Wednesday, May 2, 2007

Coming?: Renzi speaks a puzzle

Found on Think Progress:

Yesterday in an interview with Phoenix’s KPNX, Renzi spoke for the first time since the FBI raid and said that he believes he is being smeared by the Justice Department. He refused to take any responsibility for the land deal, instead charging — without any evidence — that the leaks on the investigation were “lies.” He added that “to make that up and put that out means the Department of Justice was engaged in electioneering and that needs to be investigated.”

Does he believe it, or is he just flailing?

A1: "$500 rewards offered in search for 22 wanted felons"

I dunno what to think about this, it just feels kinda seedy. What do you think?

A1: "Locals come out strongly in support of Mesa Airline"

Cindy Barks summarizes the Council echo chamber about scheduled passenger air service. The missing bit is that Council hosted the same debate and made the same vote last time this came up, but the DOT went with the other guys anyway, so we might like to know why it might go differently this time.

Cindy didn't write the headline that gets the company's name wrong, so no blame there.

A1: "Election commission drops charges against Renzi"

This AP report, the main Renzi story across the mainstream media today, is a fascinating study in lipstick on a pig.

If you don't read too closely, it appears that Renzi has been exonerated of wrongdoing in his 'reporting errors' related to campaign finances. You might just skip over the $25,000 fine as some sort of incidental expense. That's a conviction, folks, but it's soft-pedaled in favor of another point of investigation that the FEC decided was properly sorted out.

There's a tipoff a few graphs in, where we read briefly about "another FEC matter' involving the DNC, clearly placed to help minimize the judgment against Renzi. Perhaps the reader won't notice the difference between a sitting Congressman, subject to House ethics rules, and a political organization.

There will be more on our Congresscritter.

A1 and Editorial: The Wal-Mart fine

Cookies all around.

On the front page under "Wal-Mart committee will pay $22,500," Ken Hedler puts together a clear and concise report on the settlement of the legal issue that's dogged the Wal-Mart support campaign since before the election, this time leaving out any backhand slap at the opposing team. The research exposes the facts of the matter and leaves them for the reader to analyze.

Following up, in "Wal-Mart 'disagreement' leaves many questions," the unnamed Courier editor moves that analysis forward, and puts a couple of pertinent questions for the future. While he reflexively asserts that the result of the election was foregone despite the hanky-panky and neglects to note the Courier's direct role in supporting that side of the issue, I think overall we can say this is how local-issue coverage should be done.

Letters: Questions, questions

It's almost a theme. Virginia Lewis asks the Courier to cover the local shortage of health-care providers accepting "Medicare alternative" insurance. Gary Sanderson asks about the letters policy related to out-of-state correspondence. Craig Farr asks why the Courier published nothing sooner on the Townsend Construction story, and whether there are other such stories on the spike. All good questions with no replies from the editors.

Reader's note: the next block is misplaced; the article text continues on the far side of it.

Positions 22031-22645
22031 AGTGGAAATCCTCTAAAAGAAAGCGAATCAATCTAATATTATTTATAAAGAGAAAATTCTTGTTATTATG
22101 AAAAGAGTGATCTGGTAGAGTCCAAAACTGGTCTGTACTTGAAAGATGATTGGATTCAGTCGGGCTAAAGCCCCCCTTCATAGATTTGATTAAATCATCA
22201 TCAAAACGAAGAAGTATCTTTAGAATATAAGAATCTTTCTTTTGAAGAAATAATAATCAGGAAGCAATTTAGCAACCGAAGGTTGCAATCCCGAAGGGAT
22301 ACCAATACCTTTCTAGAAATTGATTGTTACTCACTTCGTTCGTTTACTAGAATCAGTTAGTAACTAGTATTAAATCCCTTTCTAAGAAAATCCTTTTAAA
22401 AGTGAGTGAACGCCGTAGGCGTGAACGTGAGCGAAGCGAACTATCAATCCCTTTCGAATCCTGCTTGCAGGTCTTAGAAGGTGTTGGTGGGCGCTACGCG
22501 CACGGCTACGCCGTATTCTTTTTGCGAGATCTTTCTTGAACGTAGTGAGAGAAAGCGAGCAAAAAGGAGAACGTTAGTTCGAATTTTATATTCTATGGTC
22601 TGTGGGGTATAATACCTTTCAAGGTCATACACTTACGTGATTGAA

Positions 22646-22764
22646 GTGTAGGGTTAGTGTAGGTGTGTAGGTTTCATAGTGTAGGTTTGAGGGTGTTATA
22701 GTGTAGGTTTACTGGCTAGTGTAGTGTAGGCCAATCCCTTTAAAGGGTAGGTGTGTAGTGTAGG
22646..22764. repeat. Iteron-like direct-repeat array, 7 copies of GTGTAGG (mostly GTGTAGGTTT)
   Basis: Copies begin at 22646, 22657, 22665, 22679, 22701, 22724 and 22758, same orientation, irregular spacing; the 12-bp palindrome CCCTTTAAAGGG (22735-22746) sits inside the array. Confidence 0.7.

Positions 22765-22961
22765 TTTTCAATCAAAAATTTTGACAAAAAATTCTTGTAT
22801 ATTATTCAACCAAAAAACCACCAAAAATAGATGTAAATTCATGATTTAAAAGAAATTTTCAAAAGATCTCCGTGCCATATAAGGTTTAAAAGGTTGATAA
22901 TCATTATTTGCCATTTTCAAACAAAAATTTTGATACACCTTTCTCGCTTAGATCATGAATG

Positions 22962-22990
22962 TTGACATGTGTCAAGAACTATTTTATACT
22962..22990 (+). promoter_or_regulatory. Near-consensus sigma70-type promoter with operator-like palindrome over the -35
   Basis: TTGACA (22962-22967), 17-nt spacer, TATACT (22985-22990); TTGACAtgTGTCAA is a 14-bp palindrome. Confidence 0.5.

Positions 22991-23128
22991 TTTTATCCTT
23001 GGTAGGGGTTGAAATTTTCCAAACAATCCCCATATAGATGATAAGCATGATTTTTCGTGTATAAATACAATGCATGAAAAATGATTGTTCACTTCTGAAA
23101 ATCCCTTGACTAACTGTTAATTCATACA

Meanwhile Amy Reyes responds admirably to questions about the PHS prom location. Good on her.

Talk of the Town: "Agricultural tax exemption is being abused"

Bill and Laura Fields seem to have done a pretty good job of research to support their thesis that ranchland tax exemptions are both unfair and widely abused. The writing's clear and to the point, making a good model for local-issue discourse. I plan to ask Rep Mason about this on the weekend.

Cartoon: White flag

Do the Courier editors really believe that Prescott needs more reinforcement of a talking point that only the Current Resident seems to believe? When both active and retired military, soldiers and officers on the ground, legislators on both sides of the aisle, diplomats, the intelligence community and the majority of Americans have reached a clear and public consensus that no good can come of continuing the illegal Iraq occupation, when the original public objectives of overthrowing Saddam and installing an elected government have been achieved and no other clear objective has even been put forward for consideration, how can one possibly characterize ending the pain as 'surrender'? Because you've got a specific political agenda, that's how.

Guys, you're trying to make your readers dumber again. You have much better stuff available from 'the right' that you could be using, and that goes for your editorial page as a whole. Look for cooler, smarter rhetoric and you may begin to win back some credibility.

B1: "Area teens learn about life’s pitfalls"

In the annual feature on Teen Maze, Derek Meurer talks with the organizer at length and describes what it's about. What's missing is any reaction from the customers about why they come, what they think of it, or whether it's effective. It's always looked to me like a colossal exercise in preaching to the converted. Is there any evidence to the contrary?